An ILO code of practice on HIV/AIDS and the world of work
ment, where appropriate, with the active involvement of workers infected and affected
4.6. Screening for purposes of exclusion from employment or work processes
HIV/AIDS screening should not be required of job applicants or persons in employ-
There is no justification for asking job applicants or workers to disclose HIV-related
personal information. Nor should co-workers be obliged to reveal such personal infor-
mation about fellow workers. Access to personal data relating to a worker’s HIV status
should be bound by the rules of confidentiality co nsistent with the ILO’s code of practice
on the protection of workers’ personal data, 1997.
4.8. Continuation of employment relationship
HIV infection is not a cause for termination of employment. As with many other con-
ditions, persons with HIV-related illnesses should be able to work for as long as medi-
cally fit in available, appropriate work.
HIV infection is preventable. Prevention of all means of transmission can be achieved
through a variety of strategies which are appropriately targeted to national conditions
and which are culturally sensitive.
Prevention can be furthered through changes in behaviour, knowledge, treatment
and the creation of a non-discriminatory environment.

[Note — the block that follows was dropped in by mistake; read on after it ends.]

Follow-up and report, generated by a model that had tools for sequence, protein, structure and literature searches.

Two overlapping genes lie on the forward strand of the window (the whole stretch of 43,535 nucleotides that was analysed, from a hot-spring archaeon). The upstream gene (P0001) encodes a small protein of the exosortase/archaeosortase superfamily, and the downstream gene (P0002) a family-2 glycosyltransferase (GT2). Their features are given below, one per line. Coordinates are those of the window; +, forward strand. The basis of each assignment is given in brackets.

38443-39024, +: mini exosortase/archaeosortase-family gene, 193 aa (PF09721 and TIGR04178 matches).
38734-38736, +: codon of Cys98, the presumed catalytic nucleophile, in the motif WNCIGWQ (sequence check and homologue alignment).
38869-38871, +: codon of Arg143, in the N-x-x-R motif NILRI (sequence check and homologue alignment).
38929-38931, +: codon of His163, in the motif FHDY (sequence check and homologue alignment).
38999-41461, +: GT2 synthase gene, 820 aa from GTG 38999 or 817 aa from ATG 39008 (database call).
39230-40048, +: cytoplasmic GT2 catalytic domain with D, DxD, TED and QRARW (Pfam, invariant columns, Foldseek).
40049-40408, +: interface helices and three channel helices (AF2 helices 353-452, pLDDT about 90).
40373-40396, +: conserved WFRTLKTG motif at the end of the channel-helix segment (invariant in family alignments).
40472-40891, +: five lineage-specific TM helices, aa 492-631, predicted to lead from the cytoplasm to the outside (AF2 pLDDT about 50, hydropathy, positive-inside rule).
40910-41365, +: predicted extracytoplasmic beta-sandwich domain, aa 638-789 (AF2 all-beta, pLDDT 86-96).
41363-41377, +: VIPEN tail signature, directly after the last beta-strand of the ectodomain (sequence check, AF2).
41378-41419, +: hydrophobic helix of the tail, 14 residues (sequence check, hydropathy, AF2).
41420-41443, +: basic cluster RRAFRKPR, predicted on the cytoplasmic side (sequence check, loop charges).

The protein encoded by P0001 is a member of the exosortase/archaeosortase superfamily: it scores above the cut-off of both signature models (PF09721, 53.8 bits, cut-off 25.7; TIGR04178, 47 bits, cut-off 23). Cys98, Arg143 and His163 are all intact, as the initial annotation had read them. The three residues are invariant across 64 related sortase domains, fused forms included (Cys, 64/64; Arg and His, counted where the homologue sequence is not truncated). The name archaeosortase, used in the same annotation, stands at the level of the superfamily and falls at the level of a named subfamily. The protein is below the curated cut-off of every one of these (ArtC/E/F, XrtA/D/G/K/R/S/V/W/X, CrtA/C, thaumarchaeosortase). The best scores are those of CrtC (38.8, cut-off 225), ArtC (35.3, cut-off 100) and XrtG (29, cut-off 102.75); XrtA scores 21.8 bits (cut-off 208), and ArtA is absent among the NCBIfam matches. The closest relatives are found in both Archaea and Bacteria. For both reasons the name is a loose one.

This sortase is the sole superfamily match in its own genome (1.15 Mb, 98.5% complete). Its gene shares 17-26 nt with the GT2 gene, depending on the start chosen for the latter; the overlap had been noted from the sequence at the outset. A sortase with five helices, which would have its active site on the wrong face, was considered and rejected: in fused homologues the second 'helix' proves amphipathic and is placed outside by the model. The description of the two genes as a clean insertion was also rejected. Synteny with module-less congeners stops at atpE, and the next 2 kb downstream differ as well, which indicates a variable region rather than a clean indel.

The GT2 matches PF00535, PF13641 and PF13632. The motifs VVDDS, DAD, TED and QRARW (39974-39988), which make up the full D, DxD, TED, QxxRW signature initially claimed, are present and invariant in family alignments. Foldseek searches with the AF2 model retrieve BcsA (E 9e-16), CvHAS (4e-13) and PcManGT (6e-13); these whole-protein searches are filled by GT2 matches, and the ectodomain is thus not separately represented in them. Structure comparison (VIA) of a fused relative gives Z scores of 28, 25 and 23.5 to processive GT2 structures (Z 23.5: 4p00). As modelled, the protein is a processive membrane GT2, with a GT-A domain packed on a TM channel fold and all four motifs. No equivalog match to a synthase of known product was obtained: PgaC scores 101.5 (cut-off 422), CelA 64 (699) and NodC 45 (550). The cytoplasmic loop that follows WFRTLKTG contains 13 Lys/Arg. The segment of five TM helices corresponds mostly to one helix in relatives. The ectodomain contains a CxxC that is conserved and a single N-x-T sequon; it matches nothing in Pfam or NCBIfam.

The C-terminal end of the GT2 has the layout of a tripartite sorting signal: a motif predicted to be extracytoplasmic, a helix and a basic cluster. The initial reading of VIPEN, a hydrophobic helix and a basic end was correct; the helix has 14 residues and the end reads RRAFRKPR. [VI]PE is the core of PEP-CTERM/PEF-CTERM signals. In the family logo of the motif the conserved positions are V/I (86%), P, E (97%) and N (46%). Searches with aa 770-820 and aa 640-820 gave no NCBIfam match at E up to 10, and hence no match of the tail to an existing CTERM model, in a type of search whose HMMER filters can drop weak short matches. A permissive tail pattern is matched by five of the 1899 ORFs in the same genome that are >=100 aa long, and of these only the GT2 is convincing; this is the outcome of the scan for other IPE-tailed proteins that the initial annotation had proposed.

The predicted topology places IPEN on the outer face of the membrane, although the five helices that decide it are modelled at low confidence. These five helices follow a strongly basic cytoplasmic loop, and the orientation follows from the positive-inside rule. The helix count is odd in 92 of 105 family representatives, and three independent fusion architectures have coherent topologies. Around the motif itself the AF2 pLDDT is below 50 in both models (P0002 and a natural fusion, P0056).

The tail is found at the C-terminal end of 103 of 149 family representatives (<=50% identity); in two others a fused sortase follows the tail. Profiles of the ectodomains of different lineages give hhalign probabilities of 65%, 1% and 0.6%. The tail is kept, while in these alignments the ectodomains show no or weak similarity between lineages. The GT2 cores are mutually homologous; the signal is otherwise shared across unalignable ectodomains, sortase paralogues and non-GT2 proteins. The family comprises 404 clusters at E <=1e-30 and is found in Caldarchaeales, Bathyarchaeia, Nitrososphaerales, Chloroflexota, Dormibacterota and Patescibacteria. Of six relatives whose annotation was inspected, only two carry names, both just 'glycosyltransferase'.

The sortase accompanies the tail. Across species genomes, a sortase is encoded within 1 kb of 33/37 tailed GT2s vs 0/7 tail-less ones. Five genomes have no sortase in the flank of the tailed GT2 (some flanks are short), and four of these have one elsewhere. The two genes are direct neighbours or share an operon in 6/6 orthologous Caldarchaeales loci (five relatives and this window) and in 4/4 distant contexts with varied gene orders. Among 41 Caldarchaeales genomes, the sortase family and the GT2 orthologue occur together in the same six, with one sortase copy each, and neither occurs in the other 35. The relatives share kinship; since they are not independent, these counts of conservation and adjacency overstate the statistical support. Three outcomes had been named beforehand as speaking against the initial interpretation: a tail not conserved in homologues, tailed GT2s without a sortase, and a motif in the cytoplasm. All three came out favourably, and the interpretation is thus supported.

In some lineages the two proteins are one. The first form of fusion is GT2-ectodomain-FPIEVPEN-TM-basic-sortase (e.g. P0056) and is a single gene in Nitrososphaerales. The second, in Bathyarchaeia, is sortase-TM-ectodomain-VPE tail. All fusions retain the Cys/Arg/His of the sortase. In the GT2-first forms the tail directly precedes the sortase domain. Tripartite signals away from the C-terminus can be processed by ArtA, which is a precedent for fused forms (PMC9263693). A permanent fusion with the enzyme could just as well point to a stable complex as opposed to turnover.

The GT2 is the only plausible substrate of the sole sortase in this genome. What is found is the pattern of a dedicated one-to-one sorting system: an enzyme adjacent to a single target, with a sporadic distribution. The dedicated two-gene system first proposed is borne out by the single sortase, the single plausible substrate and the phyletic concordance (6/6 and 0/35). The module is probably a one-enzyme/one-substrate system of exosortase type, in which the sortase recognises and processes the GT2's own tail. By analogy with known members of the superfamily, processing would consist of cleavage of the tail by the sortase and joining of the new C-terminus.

The social partners are in a unique position to promote prevention efforts particularly
in relation to changing attitudes and behaviours through the provision of information and
education, and in addressing socio-economic factors.
4.10. Care and support
Solidarity, care and support should guide the response to HIV/AIDS in the world of
work. All workers, including workers with HIV, are entitled to affordable health services.
There should be no discrimination against them and their dependants in access to and
receipt of benefits from statutory social security programmes and occupational schemes.
5. General rights and responsibilities
5.1. Governments and their competent authorities
(a) Cohe rence. Governments should ensure coherence in national HIV/AIDS strategy
and programmes, recognizing the importance of including the world of work in
national plans, for example by ensuring that the composition of national AIDS coun-
cils includes representatives of employers, workers, people living with HIV/AIDS
and of ministries responsible for labour and social matters.
(b) Multi-sectora l participa tion. The competent authorities should mobilize and support
broad partnerships for protection and prevention, including public agencies, the pri-